Software to Extrude Down a 2D image with a Draft?
 
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jmone
(@jmone)
Reputable Member
Software to Extrude Down a 2D image with a Draft?

I'm trying to create 3D patterns (for sand casting) with a Draft for easy mould release.  I'm able to use simple SW like 3D Builder to take a 2D image and using Height Map turn it into a 3D model just fine but the edges are all vertical.  Is there a simple way of doing the same thing but apply a Draft during the 2d --> 3D extrusion?

 

Thanks

Nathan

Posted : 13/11/2021 11:16 pm
towlerg
(@towlerg)
Noble Member
RE:

Sadly there really is no task in most CAD program that could be described as simple. You need to audit a bunch of CAD progs and ask that question on their forum.

FWIW there are at least two ways to create draft in DesignSpark, you could draw the top and bottom surfaces and use the blend option. Or you could draw the 3d object without draft then create a section thro the face(s) that need draft, draw a construction line at the draft angle and use that to pull.

Having said that I'm sure theres a package out there that has that as a standard function.

edit. bottom of picture import clipped, click on picture to see whole thing

This post was modified 3 months ago 2 times by towlerg
Posted : 14/11/2021 11:46 am
Diem
 Diem
(@diem)
Noble Member

With a 2d master you will need to make second copy with the draft dimensions, elevate it, and create a hull around both parts.

You will also need to post process to smooth the layers so the sand does not stick at the removal stage.

Cheerio,

Posted : 14/11/2021 8:13 pm
jmone
(@jmone)
Reputable Member
Topic starter answered:
RE: Software to Extrude Down a 2D image with a Draft?

Thanks - this is what I feared.... and I'm not sure it will work well with a combination of Letters, Images etc that have both internal and external perimeters that need drafting as they are in opposite directions.  I'm wondering if instead a use a blur on the 2nd image to create a greyscale, then do a height map extrude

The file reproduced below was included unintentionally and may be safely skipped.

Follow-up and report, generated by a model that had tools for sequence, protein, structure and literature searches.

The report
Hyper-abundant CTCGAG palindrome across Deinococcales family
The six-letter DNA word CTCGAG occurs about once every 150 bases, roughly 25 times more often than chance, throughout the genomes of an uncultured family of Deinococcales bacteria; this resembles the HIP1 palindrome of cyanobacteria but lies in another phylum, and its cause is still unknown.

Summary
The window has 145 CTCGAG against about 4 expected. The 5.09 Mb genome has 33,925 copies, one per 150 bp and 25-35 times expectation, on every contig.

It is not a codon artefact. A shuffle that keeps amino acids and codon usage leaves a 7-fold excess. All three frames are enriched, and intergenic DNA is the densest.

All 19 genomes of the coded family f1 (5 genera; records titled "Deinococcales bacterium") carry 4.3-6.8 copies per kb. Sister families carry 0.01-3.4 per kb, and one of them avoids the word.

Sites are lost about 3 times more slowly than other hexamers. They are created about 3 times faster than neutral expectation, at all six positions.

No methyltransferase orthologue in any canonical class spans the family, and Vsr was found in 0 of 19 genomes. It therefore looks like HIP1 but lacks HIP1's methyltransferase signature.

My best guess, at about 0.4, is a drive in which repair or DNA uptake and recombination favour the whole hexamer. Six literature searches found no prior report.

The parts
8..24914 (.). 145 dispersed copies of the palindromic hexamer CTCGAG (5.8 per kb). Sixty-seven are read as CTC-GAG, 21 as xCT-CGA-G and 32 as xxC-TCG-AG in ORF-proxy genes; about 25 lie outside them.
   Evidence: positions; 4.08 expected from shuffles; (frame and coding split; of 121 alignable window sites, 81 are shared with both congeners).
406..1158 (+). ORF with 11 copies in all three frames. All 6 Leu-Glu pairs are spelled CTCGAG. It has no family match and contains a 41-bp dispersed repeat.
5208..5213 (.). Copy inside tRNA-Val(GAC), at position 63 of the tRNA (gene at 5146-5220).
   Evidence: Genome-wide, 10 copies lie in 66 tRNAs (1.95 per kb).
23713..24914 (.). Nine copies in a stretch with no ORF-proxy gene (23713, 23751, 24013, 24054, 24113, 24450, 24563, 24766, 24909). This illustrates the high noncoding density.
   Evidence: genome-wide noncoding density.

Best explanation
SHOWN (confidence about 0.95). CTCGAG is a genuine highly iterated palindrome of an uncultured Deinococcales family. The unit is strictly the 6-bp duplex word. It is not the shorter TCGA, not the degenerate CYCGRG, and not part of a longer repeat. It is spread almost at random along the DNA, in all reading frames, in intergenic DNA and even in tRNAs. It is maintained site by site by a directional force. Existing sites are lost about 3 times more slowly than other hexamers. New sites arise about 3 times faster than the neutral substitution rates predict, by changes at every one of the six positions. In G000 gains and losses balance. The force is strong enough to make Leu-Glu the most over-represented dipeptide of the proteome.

Posted : 14/11/2021 9:44 pm
jmone
(@jmone)
Reputable Member
Topic starter answered:
RE: Software to Extrude Down a 2D image with a Draft?

FYI - this looks promising just importing an image into MS 3D Builder using Height Map and Level 3 Smoothing on a simple line art JPG.  I'll now just slice out a section and see how it goes.

Posted : 14/11/2021 10:31 pm
jmone
(@jmone)
Reputable Member
Topic starter answered:
RE: Software to Extrude Down a 2D image with a Draft?

Yup it works.  Cast the 2D Cookie Stamp deign from the above post and while it took a few goes to get it to release cleanly, it did work well.  Just enough draft on all surfaces.

There is something satisfying about turning a 3D print into metal!

Posted : 15/11/2021 4:44 am
Clemens M.
(@clemens-m)
Prominent Member
@ jmone

Very nice - can you explain in a little more detail mold building and casting process. Was that done by you? What material - looks like aluminum. What kind of furnace? (so many questions). Maybe you have a webpage?

Best regards, Clemens

Posted : 28/11/2021 1:48 pm
jmone
(@jmone)
Reputable Member
Topic starter answered:
RE: Software to Extrude Down a 2D image with a Draft?

Hi Clemens, Yes that was done be me, from printing to making the mold (ramming it up), and pouring the metal (Aluminium in this case)... and no I don't have a webpage but there are tons of YouTube videos on the subject.  If you are new to casting metal, I'd suggest you start with a simple and cheap setup and see you go as it can get expensive and complicated quickly:

- Furnace:  A simple, cheap electric furnace from ebay/amazon.  They are great for Aluminium in smallish pours.  They "can" work for metals up to Copper (Brass, Bronze etc) but getting a good pour temperature is right at the top end of it's capability (and the electric coil will wear out quicker).  I've also a Propane (LPG) furnace which is good for larger pours and is good for Copper.  I also have an Induction Furnace that I wanted to use to higher temp pours (say CuNickel) but you need dedicated electrical circuits and while this "low end consumer" unit shows promise, it has proved unreliable with poor manufacturing QC and a couple of HW Failures.  I've found the stated temp claims on these products to be wildly optimistic and don't even think about trying iron/steel.  Also note that the Crucibles are all a "consumable" and degrade over time.

- Molding / Ramming Up a Pattern:  The simplest way is to create your own flasks with simple timber and then use a pre-mixed "sand" such as PetroBond that you tightly ram up after sprinkling you pattern with a "release powder" (such as talc).  Petrobond can get expensive if you are doing a lot of casting or doing larger items, so you may end up making your own "green sand" but it is a great way to start. 

Depending on what you want to make, Tin could be a good start as it melts at only 232c so you don't need a furnace at all.  You can do this on a stainless steel sauce pan on the stove or with a Gas Torch.  You can even make molds in silicon rubber which is how I started. 

Posted : 28/11/2021 8:21 pm
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